The pitch at Old Trafford is drying fast and if they are to defeat South Africa in the third Cornhill Test they must have the courage to play both spinners, Robert Croft and Ashley Giles.
Speaking after a long session keeping wicket to them both, Alec Stewart, England's captain, said that two spinners are ``definitely an option''. Although the largely bare strip, which turned whiter by the hour during a bright and breezy day yesterday, is certain to turn significantly only for wrist spinners - South Africa have one in Paul Adams; England, sadly, do not - it is hard to think that there will not be some crumbling where the bowlers follow through. Ian Healy was keeping up to the stumps in a helmet by the fourth day last year. Three fast bowlers should be sufficient on a surface being used for a first-class match for only the second time after being relaid. An attack of Cork, Gough, Fraser, Croft and Giles would leave England distinctly second best when it comes to outfielding and it would mean leaving out Ben Hollioake, but if Stewart wants as many options as possible to work his way through the long South African batting order this seems the obvious route to take.
For their part, South Africa's only change will be the return of Gerry Liebenberg for Adam Bacher, who had to go to hospital yesterday for a scan on the shoulder injury incurred in the outfield at Lord's. Allan Donald and Lance Klusener will bowl fast on anything and Shaun Pollock and Jacques Kallis will swing the ball anywhere too, but as a group they may enjoy the conditions less than they did at Lord's.
England made 462 at Edgbaston and the issue will hang again on whether they can get on top of Donald and Pollock, who have taken 173 wickets between them (Donald 102, Pollock 71) in the 21 Tests they have played together. The return of a left-handed opening partner for Mike Atherton will enhance England's chances, especially as Nick Knight is in the best form of his life, having scored 498 runs in his last four innings in different competitions.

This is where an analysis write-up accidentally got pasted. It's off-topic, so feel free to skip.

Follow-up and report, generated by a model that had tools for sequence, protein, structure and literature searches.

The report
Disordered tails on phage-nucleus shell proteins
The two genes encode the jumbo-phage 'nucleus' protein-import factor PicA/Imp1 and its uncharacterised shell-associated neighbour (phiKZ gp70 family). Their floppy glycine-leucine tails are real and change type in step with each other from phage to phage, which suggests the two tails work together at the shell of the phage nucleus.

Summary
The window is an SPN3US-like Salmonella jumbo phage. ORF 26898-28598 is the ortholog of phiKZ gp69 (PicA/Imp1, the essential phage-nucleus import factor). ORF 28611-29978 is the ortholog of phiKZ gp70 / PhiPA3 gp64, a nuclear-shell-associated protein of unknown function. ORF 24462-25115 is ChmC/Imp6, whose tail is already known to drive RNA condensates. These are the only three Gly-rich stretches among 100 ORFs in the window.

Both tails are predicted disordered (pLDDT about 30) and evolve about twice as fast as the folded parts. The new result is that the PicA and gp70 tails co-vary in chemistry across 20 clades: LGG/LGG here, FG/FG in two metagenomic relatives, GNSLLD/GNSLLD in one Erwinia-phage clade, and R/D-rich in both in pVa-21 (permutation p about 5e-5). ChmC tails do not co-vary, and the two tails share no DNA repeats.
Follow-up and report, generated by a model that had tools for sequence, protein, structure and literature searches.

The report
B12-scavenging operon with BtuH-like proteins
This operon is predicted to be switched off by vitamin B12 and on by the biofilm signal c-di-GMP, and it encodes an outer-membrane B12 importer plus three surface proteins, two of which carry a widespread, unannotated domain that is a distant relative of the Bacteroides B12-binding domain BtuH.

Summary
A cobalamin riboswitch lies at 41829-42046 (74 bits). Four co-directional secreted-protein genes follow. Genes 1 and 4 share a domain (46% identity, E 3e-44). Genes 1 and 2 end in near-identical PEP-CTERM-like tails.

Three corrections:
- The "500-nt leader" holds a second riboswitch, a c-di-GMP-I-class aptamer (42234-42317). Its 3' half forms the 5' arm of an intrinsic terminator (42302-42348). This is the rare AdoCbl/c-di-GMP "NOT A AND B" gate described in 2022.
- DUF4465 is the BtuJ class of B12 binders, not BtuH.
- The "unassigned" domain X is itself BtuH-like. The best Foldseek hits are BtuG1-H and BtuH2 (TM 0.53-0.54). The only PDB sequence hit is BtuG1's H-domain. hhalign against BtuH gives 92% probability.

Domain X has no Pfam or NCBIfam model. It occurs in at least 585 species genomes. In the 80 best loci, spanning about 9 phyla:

South Africa, confident after their 10-wicket win at Lord's, are entering the game under a cloud after a complaint to their coach, Bob Woolmer, by the Cambridge captain, the Indian born Anurag Singh, during the match against the British Universities at Fenner's last week. Singh claimed the young South African fast bowler Nantie Hayward had elbowed him in the ribs as he completed a run. Afterwards he was the object of repeated verbal abuse during his innings of 64, though he may have invited some of it by reacting to Hayward's impetuosity and by an approach his opponents apparently thought too cocky.
Stewart felt that England's behaviour at Lord's generally stayed the right side of the line between disappointment and dissent. He is more concerned with repeated failures, both by England's batsmen and bowlers, in the first innings of Test matches. The winning chance had gone when England lost six second-innings wickets for 11 runs at Lord's but the matter of collapses was discussed at a team meeting on Tuesday night with Stephen Bull, the sports psychologist. Whether the failings under extreme pressure have been mental or technical is debatable.
The fact is that England's record at Old Trafford has taken a distinct turn for the worse since the South Africans enjoyed one of their most famous victories in this country here in 1955. Until then England had lost only twice on the ground: since they have been beaten 11 times, including last year, when Australia were 42 for three in their first innings and 39 for three in their second before making totals of 235 and 395 for eight. If England are to improve they have to learn to seize the moment.
England (from): +*A J Stewart, M A Atherton, N V Knight, N Hussain, G P Thorpe, M R Ramprakash, B C Hollioake, D G Cork, R D B Croft, D Gough, A R C Fraser, D W Headley, A F Giles.
South Africa (from): *W J Cronje, G Kirsten, G F J Liebenberg, J H Kallis, D J Cullinan,, J N Rhodes, S M Pollock, L Klusener, +M V Boucher, P R Adams, A A Donald, B M McMillan.